Negotiators from the U.K. reached an agreement with officials in Brussels Thursday that could pave the way for Britain to finally break 46 years of ties with the European Union. But Northern Ireland’s Democratic Unionist Party said it still can’t support the deal.
That makes the parliamentary arithmetic a lot tighter for British Prime Minister Boris Johnson, who needs the backing of the House of Commons in a vote expected Saturday in order to deliver an orderly Brexit on October 31.
Three DUP officials said their party won’t support the deal, saying they were unhappy about customs checks in the Irish Sea, among other things. Johnson’s been defeated in a string of crucial votes since taking office in July and lost his majority in the chamber. Nevertheless, the prime minister announced the agreement with an upbeat tweet.
Appearing with European Commission President Jean-Claude Juncker in Brussels hours after the deal was confirmed, Johnson called it “a reasonable, fair outcome that reflects the large amount of work undertaken by both sides.”
The U.K. would leave the EU “whole and entire” on Oct. 31, Johnson said, in a nod to the DUP’s concerns.
Juncker said “there’s no need for any kind of prolongation” to the deadline, adding that he was happy about the deal but “sad about Brexit.”
Without his Northern Irish allies, Johnson needs to pick up roughly 61 votes from a pool of about 75 deputies who might be persuaded to join him — that will involve persuading hold-outs in his own party to side with him rather than the DUP. It’s the final, treacherous hurdle for the U.K. leader to clear before he can complete his ambition of leading Britain out of the EU.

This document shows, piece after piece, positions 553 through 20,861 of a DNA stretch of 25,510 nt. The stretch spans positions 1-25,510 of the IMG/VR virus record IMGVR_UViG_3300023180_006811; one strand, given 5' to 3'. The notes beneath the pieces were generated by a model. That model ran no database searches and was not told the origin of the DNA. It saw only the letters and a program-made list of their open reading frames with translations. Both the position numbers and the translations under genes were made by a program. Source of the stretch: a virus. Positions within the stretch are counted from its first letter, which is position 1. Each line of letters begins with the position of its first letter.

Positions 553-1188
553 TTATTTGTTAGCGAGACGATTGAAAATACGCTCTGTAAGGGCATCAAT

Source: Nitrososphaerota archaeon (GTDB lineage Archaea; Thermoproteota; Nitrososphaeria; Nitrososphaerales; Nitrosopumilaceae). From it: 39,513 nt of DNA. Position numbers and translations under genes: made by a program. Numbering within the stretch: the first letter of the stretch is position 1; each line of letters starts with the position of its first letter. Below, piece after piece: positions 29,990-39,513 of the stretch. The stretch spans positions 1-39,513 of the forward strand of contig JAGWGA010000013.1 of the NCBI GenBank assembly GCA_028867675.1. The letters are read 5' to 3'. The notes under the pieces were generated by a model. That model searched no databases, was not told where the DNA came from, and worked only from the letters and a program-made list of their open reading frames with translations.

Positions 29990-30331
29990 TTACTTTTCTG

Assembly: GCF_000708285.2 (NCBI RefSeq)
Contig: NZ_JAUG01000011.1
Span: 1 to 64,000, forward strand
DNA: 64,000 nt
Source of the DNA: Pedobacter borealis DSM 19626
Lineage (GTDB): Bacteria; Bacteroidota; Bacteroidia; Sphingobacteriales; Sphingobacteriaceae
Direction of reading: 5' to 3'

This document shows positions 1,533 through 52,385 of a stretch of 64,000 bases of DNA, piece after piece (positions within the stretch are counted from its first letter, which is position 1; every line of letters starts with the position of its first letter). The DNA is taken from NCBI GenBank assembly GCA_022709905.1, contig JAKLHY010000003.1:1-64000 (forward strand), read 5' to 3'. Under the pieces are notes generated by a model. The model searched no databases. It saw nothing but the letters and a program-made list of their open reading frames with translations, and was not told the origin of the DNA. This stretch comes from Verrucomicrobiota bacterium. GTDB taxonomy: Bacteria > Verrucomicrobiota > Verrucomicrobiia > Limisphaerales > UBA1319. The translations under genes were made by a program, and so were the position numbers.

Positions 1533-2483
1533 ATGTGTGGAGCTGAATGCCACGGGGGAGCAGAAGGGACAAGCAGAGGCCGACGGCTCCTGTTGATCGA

The pound rallied on news of the deal, touching $1.2990 before dropping again as the scale of the remaining challenge became clear. It traded 0.3% lower at $1.2797 at 1:12 p.m. in London.
The withdrawal agreement was completed just in time for EU leaders to assess it when they meet later today in the Belgian capital. European Commission President Jean-Claude Juncker hailed it as “fair and balanced.”
Pull it off, and Johnson will draw a line under three years of political turmoil since the U.K. voted to leave the world’s biggest trading bloc. If he fails, Britain may be looking at another extension, though the prospect of a no-deal Brexit will also come into the equation again. Another delay would almost certainly lead to a U.K. election in the coming weeks, potentially followed by another referendum.
German Chancellor Angela Merkel said the deal “opens the possibility in an extremely difficult situation to protect the integrity of the single market and the Good Friday Agreement.
“It’s an important sign for me that the Irish prime minister is satisfied,” she said.
One theory doing the rounds in Brussels is that Johnson might ask the EU to rule out another extension. That would increase the pressure on undecided lawmakers Westminster to back his deal, but it would also raise the cost of failure dramatically.
Danish Prime Minister Mette Frederiksen however told reporters as she headed into the summit talks that it’s not the EU’s job to put pressure on domestic factions to help Johnson out.
In a revised political declaration, the two sides pledged to:
- Establish a wide-ranging free trade agreement.
- Reach a deal on services that goes beyond WTO levels.
- Agree equivalence for financial services firms.
- Allow free movement of capital.
- Establish visa-free travel for short-term visits.
- Commit to a level playing field, with common high standards in state aid, competition, welfare, tax, and environmental matters.
EU chief Brexit negotiator Michel Barnier told reporters in Brussels that he believes the deal can be ratified by the end of October. He called it a “fair and reasonable basis for an orderly withdrawal” by the U.K.
In a nod to the painful wrangling of the past three years, he also compared getting the deal done to climbing a mountain.
Labour leader Jeremy Corbyn called for a second referendum, saying in Brussels that Johnson’s deal — which he described as a “sell-out” — was worse than that put forward by predecessor Theresa May. Scotland’s first minister, Nicola Sturgeon, said her Scottish Nationalist Party will vote against the deal as well, complaining that it creates too great a separation from the EU.
(Updates with details on next steps from seventh paragraph.)
–With assistance from Richard Bravo, Tim Ross and Morten Buttler.